India termed “positive” the outcome of climate talks in Poland as it sets nations on the path for successful implementation of the historic Paris Agreement, and asserted it engaged in the negotiations”constructively” while protecting the country’s key interests.
Negotiators from nearly 200 countries earlier Sunday finalised a set of rules that will make the 2015 Paris deal to curb global warming operational in 2020, after a two-week summit. The outcome of the talks in the mining city of Katowice aims to limit the rise in global temperature towell below 2C.
“India considers the outcome of COP-24 a positive one which addresses concerns of all parties and sets us on the path towards successful implementation of the Paris Agreement,” an official statement said.
The conference was significant as it focused on three key issues – finalization of guidelines, modalities and rules for the implementation of the Paris deal, the conclusion of 2018 Facilitative Talanoa Dialogue and the stocktake of pre-2020 actions implementation and ambition.
However, a leading Indian environment advocacy group termed the rulebook “weak” and “completely insufficient”. It said the COP’s refusal to take the Intergovernmental Panel on Climate Change’s report on 1.5C seriously undermines the Paris Agreement.
Chandra Bhushan, the deputy director general of Centre for Science and Environment, said in Katowice the rulebook “is completely insufficient to drive ambitious climate action.”
In New Delhi, India said the country demonstrated commitment and leadership during COP-24 by reaffirming its promise to implement the Parisdeal in its spirit and to act collectively to address climate change.
“India engaged positively and constructively in all the negotiations while protecting India’s key interests including recognition of different starting points of developed and developing countries, flexibilities for developing countries and consideration of principles including equity and Common but Differentiated Responsibilities and Respective Capabilities(CBDR-RC),” according to the statement.
India said the guidance on Nationally Determined Contributions preserves the nationally determined nature of NDCs and provides for Parties to submit different types of contributions including adaptation.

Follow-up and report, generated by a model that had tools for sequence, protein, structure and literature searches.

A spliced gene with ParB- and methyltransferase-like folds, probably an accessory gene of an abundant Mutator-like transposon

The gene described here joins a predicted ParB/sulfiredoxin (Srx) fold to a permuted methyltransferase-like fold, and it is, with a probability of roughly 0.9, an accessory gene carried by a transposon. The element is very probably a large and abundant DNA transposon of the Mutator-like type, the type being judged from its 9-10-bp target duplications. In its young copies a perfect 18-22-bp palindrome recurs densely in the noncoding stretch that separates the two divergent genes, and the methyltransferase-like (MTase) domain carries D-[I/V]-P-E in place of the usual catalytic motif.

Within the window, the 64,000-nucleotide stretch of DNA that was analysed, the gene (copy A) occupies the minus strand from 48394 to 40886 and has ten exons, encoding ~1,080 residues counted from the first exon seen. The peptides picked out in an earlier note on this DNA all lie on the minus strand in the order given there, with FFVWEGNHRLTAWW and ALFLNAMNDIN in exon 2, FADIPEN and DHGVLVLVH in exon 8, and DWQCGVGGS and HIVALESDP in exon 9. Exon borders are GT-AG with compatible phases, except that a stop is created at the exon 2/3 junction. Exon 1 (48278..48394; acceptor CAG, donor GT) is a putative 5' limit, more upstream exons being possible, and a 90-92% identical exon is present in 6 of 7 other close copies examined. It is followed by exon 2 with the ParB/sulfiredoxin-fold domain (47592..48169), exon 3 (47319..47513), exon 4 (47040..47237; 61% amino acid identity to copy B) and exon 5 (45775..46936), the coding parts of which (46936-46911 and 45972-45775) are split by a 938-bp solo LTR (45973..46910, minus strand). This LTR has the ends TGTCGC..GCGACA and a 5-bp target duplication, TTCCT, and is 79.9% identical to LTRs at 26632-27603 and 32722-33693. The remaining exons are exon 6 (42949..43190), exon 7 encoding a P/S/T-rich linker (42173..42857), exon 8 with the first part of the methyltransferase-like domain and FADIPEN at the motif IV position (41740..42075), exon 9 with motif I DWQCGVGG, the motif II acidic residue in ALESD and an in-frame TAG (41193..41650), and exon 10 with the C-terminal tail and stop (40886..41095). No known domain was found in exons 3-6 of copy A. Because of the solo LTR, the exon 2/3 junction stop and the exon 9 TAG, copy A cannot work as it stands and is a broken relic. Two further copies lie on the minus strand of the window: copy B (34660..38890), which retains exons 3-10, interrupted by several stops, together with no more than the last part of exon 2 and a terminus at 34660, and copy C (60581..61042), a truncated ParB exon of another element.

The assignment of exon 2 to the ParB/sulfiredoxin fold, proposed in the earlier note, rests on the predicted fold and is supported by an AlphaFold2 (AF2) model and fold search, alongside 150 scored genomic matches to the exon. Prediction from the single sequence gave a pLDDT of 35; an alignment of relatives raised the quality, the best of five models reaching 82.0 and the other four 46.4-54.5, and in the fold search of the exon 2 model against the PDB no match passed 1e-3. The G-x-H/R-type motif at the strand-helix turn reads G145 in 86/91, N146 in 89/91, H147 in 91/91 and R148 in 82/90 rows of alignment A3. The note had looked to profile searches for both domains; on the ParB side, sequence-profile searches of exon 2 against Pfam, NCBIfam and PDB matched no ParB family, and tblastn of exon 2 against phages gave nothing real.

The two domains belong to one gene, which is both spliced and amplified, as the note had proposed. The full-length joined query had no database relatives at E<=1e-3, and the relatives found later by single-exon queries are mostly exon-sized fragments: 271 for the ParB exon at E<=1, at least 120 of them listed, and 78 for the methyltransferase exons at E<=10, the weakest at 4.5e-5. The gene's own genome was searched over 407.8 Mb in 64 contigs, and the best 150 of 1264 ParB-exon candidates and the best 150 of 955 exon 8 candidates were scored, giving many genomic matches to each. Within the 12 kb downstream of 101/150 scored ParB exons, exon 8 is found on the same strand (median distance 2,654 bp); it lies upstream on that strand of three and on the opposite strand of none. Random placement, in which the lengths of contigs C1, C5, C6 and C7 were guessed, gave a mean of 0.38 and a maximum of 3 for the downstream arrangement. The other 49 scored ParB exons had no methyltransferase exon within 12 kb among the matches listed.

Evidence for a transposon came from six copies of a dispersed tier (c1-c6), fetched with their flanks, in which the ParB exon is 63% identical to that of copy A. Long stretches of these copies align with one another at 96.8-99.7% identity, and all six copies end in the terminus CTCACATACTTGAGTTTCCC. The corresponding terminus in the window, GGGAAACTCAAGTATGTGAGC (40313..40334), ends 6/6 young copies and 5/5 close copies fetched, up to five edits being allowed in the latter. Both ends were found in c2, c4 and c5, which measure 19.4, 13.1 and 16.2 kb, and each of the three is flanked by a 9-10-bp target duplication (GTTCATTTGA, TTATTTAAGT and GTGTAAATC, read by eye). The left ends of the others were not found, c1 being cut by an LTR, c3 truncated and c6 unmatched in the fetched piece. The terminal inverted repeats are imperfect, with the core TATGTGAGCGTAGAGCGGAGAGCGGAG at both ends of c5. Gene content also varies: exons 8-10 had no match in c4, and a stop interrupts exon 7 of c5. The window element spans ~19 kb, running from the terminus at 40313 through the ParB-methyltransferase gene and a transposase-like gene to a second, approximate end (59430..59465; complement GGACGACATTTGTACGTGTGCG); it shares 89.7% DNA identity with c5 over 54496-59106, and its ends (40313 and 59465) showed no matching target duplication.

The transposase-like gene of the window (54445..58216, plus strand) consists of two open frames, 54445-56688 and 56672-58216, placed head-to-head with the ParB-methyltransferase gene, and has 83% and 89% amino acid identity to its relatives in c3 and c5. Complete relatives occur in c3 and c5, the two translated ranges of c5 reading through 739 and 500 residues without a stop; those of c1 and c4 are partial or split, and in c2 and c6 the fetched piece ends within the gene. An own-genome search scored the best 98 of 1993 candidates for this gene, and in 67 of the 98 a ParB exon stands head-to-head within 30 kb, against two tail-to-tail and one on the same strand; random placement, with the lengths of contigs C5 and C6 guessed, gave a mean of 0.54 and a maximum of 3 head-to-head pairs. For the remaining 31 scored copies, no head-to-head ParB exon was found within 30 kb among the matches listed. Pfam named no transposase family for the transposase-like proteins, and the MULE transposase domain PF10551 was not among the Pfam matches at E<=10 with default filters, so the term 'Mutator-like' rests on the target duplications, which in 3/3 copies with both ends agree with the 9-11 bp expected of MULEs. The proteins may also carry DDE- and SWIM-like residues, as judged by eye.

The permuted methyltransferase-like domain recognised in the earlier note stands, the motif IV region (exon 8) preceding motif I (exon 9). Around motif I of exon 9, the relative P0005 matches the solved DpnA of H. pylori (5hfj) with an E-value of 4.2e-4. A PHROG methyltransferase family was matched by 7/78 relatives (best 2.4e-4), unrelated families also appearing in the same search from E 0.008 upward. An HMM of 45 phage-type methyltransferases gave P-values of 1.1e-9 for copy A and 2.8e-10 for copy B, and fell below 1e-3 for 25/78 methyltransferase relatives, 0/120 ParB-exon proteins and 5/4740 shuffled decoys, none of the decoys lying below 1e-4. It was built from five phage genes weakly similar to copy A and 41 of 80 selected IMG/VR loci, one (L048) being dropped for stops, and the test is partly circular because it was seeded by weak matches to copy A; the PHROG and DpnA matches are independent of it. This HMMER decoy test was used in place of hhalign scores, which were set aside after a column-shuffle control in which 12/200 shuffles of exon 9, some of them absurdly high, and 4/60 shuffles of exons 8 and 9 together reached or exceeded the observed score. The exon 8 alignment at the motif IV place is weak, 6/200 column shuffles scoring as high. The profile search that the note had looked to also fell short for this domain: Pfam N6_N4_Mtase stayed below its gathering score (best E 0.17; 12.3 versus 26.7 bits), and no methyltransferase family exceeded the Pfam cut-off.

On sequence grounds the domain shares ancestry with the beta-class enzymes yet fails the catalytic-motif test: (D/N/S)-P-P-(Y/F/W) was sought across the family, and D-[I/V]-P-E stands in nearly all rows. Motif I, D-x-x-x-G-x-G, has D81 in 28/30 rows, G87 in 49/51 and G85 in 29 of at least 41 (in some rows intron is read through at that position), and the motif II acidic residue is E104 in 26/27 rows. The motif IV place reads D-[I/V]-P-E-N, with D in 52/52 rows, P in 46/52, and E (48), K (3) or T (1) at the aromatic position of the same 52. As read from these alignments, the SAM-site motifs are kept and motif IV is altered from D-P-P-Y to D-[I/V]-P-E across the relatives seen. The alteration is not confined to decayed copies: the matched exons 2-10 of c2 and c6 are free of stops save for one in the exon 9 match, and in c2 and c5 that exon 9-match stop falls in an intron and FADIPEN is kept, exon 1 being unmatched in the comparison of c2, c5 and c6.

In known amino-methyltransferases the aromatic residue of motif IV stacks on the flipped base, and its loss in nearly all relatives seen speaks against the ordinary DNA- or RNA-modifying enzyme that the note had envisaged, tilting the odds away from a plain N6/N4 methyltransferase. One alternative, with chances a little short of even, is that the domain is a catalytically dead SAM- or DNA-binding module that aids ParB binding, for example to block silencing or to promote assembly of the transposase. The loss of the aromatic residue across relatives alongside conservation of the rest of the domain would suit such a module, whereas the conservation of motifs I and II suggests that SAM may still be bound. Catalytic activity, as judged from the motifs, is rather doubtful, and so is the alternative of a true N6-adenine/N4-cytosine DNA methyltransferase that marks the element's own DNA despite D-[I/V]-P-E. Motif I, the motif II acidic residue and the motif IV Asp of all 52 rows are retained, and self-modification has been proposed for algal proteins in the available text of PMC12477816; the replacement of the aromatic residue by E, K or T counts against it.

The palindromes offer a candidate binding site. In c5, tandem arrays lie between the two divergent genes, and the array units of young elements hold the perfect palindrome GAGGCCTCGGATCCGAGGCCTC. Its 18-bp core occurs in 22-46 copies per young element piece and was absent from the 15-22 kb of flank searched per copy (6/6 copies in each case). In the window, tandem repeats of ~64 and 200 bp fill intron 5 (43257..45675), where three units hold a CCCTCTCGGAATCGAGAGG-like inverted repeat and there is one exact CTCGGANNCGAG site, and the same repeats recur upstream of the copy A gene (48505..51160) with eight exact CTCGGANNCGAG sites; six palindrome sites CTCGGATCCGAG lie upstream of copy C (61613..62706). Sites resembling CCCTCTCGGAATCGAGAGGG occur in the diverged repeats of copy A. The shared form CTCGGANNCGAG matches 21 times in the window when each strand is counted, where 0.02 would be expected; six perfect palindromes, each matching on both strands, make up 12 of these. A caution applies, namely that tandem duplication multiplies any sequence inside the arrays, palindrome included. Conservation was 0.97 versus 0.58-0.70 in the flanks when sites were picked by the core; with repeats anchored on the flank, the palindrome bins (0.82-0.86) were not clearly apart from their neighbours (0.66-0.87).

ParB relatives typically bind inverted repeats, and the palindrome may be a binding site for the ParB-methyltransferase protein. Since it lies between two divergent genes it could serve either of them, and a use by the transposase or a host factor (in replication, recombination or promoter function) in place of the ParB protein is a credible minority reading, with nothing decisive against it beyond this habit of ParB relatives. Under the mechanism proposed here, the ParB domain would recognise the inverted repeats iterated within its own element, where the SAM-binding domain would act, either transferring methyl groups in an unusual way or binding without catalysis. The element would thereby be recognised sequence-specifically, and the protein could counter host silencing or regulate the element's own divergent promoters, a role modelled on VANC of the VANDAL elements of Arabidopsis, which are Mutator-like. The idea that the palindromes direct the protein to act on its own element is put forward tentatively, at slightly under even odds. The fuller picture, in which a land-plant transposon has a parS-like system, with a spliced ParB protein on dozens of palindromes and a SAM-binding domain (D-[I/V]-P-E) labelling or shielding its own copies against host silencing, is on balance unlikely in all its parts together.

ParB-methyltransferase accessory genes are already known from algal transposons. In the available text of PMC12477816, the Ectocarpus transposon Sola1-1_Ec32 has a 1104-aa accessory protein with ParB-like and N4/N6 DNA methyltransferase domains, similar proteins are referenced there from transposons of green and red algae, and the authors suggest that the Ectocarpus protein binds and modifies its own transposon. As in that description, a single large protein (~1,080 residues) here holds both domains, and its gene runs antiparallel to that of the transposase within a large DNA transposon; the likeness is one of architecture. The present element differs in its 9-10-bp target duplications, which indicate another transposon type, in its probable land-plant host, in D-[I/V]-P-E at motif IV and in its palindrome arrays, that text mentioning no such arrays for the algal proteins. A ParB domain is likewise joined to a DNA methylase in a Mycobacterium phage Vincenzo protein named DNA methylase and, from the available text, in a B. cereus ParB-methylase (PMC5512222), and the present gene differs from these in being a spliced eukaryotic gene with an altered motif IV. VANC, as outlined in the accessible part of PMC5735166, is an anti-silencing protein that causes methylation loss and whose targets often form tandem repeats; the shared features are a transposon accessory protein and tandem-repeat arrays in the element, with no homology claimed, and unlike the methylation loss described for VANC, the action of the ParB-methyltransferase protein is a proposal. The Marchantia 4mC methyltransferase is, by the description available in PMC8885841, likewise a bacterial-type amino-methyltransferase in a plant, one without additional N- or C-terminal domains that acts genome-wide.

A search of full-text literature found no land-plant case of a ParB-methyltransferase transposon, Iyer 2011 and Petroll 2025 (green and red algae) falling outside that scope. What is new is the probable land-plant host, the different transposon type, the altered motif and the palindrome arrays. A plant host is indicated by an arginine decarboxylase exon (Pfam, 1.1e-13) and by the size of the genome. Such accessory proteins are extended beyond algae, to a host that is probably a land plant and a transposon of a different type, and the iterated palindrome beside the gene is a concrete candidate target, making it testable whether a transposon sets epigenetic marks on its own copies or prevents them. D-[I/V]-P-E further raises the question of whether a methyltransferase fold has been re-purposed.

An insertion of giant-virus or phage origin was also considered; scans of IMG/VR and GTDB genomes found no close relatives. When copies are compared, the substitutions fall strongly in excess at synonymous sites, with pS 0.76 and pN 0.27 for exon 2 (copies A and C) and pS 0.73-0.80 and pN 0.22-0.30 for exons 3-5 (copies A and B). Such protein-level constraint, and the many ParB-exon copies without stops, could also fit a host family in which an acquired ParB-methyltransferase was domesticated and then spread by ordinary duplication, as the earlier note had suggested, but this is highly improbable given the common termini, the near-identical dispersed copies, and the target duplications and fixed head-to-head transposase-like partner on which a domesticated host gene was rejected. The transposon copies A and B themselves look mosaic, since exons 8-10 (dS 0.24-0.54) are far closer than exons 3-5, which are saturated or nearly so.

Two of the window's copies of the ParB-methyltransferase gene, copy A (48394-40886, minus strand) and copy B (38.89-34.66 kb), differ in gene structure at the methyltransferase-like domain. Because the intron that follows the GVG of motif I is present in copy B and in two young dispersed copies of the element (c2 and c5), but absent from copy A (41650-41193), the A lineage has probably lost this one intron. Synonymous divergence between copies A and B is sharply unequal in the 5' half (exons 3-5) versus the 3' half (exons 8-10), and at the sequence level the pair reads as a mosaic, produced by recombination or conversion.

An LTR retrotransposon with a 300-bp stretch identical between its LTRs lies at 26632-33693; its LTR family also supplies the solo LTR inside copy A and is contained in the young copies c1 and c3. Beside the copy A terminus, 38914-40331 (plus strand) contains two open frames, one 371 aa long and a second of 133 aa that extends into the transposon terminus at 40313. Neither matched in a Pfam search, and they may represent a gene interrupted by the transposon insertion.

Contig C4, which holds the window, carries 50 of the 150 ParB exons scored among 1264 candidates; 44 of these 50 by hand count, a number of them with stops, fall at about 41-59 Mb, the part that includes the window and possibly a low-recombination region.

“The overall guidance reflects the principles of the Paris Agreement and recognises the leadership that developed countries have to display for achieving the objectives of the Paris Agreement,” the statement said.
India said the guidance on adaptation recognizes the adaptation needs of developing countries and is built on the overarching principle of CBDR-RC.
India said the guidance on finance provisions operationalises the obligation of developed countries in providing means of implementation to developing countries and recognises the need for climate finance to be new and additional and climate specific.
“Parties have also agreed to initiate the work on setting up the new collective finance goals post-2020 from the floor of USD 100 billion,” it said.
The overarching framework for technology recognises the need for enhanced support towards operationalisation of the framework and”comprehensively” covers all stages of technology development and transfer,” it said.
India said it engaged in a “meaningful” way in the 2018 Facilitative Talanoa Dialogue and stocktake exercise on Pre-2020 implementation and ambition.
The Talanoa Dialogue is a process designed to help countries implement and enhance their NDCs by 2020.
“The outcome on dialogue also recalls the commitment of developed country Parties to a goal of mobilizing jointly USD 100 billion per year by 2020.
“It also notes with concern the current, urgent and emerging needs related to extreme weather events and slow onset events in developing countries that are particularly vulnerable to the adverse effects of climate change,” it said.